In an interesting article on Adotas.com, Daniel Laury points out that the “journey” consumers take toward making a purchase decision has gotten much longer. Consumers no longer make a decision while standing in front of the store shelf; rather, they have many more sources of easily accessible information, such as informational websites, customer reviews and social media, accessed through computer, smart phone and tablet.
As a result, Laury suggests we consider a longer purchasing cycle when planning marketing:
“As a marketer, instead of placing all your attention on a single moment, the last click, at which you try to intercept and grab your buyer’s attention, try to think of marketing as a longer purchase cycle. Successful advertisers in 2012 will take their customers from awareness to engagement to acquisition to retention. They will define a clear consumer engagement path that tells customers a story across multiple internet channels, complete with precise tracking and reporting that measures and lifts conversions and delivers increased volumes under the same ROI.”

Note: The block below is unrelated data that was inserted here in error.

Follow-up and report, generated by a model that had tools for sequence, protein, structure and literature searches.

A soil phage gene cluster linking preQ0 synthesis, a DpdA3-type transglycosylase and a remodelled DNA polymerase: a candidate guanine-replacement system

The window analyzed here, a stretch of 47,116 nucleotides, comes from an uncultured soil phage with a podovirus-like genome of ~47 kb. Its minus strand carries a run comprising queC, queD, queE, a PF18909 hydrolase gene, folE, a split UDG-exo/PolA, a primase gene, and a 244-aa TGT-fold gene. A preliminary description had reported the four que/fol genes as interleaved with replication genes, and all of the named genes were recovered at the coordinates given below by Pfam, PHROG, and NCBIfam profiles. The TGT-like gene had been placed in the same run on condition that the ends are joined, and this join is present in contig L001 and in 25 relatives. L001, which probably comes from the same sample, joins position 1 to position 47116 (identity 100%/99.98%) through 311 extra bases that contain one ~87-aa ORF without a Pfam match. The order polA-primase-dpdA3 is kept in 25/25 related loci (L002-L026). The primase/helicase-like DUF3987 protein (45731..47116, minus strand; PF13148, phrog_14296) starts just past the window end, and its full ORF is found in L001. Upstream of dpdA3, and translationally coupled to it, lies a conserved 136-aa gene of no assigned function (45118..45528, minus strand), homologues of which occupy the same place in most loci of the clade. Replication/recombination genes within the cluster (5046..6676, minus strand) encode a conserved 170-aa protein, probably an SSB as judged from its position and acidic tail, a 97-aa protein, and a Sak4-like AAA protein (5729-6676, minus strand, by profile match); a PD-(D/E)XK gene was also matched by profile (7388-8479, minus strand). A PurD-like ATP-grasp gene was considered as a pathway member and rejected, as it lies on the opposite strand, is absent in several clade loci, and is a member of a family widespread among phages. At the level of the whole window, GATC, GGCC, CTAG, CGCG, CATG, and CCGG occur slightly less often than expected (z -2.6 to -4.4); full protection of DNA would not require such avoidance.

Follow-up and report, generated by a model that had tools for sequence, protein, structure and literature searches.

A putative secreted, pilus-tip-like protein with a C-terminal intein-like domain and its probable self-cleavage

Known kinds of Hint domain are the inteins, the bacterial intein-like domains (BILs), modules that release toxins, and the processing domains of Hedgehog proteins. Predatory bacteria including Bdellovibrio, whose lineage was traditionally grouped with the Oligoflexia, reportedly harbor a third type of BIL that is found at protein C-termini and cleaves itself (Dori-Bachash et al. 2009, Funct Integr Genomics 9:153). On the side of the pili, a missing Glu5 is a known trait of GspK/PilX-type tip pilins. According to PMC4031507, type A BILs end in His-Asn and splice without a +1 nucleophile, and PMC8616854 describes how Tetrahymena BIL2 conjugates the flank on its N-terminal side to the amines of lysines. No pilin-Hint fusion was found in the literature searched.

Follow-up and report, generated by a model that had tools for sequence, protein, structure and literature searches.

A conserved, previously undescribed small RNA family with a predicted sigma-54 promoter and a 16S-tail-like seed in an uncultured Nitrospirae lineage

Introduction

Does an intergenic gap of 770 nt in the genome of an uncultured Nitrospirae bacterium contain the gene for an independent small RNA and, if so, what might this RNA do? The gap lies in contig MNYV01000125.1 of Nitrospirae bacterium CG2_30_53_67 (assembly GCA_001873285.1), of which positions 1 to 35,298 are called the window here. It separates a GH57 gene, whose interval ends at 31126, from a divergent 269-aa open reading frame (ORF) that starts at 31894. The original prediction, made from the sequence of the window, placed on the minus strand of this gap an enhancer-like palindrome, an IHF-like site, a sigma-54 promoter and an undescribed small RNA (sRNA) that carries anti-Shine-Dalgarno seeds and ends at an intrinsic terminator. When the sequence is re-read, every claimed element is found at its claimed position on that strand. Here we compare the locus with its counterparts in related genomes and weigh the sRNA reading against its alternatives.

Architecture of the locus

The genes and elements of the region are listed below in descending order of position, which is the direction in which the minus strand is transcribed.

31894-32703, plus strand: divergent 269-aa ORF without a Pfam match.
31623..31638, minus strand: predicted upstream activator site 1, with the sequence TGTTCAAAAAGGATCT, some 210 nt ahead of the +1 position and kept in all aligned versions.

Of course, taking customers “from awareness to engagement to acquisition to retention” works differently in different categories, but it’s worth heeding the overall point: marketers should consider the messages their customers receive far earlier than the “moment of truth” of the actual purchase.
Case in point: in recent focus group research we conducted, participants complained that they didn’t hear from a service provider until it came time to renew the service. Does this mean they want more ads? Not exactly. They want reminders of the value provided by the company. While consumers dislike communications perceived to be solely for advertising, they welcome information that’s valuable to them. Provide that kind of information over time, and the final purchase decision will become a no-brainer for your customer!
Find out what your customers and prospects value. Give us a call at (818) 752-7210.
Sources: “Redefining the Consumer Engagement Path,” Adotas.com, May 9, 2012; Bureau West research